KUALA LUMPUR, June 7 — A US court has found an American man guilty of trying to extort the Singaporean government with data from a leaked HIV database.
BBC reported that the Kentucky court heard Mikhy Farrera-Brochez had sent two emails to Singaporean officials last year, threatening to release details of the official database containing the HIV status of 14,000 people in Singapore, unless his husband was released from jail and the registry closed.
Brochez, who pleaded not guilty, reportedly said in his defence that he had wanted to highlight security lapses in the database and found the existence of the registry discriminatory against gay people.
Straits Times reported Brochez’s lawyer, Adele Burt Brown, as saying that her client acknowledged leaking the HIV database early this year, but he did not admit to its initial 2016 leak.
The Singaporean government said last January that the confidential information of over 14,000 people on the database was leaked online, including HIV test results, names, identification numbers, phone numbers, and addresses.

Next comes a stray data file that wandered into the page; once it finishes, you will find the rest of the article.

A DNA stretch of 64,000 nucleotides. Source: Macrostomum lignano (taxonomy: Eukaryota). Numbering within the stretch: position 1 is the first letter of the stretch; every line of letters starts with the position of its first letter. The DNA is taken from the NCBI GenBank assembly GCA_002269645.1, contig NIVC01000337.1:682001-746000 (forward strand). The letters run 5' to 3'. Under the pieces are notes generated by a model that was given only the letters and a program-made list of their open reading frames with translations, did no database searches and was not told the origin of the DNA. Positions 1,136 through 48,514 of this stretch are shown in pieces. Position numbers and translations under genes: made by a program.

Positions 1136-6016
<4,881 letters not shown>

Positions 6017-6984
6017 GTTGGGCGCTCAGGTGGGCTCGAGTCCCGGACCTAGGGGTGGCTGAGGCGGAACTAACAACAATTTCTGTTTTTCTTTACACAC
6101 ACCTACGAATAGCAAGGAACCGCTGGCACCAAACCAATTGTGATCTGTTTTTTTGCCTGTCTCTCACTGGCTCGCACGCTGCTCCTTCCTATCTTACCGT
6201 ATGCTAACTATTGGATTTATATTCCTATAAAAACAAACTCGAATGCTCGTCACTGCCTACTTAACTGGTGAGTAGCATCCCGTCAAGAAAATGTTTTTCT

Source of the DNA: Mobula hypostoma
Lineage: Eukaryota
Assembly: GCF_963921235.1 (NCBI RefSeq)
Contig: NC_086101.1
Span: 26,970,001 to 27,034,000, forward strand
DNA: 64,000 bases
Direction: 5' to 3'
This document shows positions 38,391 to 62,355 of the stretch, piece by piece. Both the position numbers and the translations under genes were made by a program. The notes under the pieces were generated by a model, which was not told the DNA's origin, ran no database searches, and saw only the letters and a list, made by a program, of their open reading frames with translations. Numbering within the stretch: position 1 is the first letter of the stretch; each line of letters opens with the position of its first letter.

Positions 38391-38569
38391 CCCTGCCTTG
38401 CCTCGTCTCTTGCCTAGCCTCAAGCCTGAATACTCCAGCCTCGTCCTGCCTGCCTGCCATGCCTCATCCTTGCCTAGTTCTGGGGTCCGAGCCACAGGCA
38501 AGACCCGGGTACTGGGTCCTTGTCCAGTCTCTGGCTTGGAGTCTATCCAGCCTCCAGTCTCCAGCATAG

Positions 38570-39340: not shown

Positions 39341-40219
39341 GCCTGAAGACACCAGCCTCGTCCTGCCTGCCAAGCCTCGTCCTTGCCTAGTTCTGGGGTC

“He did not mean to extort. He meant… to get Singapore to acknowledge that it had allowed a database,” Brown was quoted saying.
Brochez reportedly told the court that Singapore’s Ministry of Health (MOH) did not need to register people with HIV for scientific and health purposes, after MOH communicable diseases director Vernon Lee testified that the registry collected patients’ personal data to target education activities and to understand the spread of the virus.
“You can collect their data anonymously. You don’t need their names to know their sexual practices.”
Brochez was convicted of three charges of intent to extort from the Singaporean government and of unlawfully possessing the HIV database with the intent to violate US federal law.
The 34-year-old man faces up to nine years’ jail and a fine of US$750,000.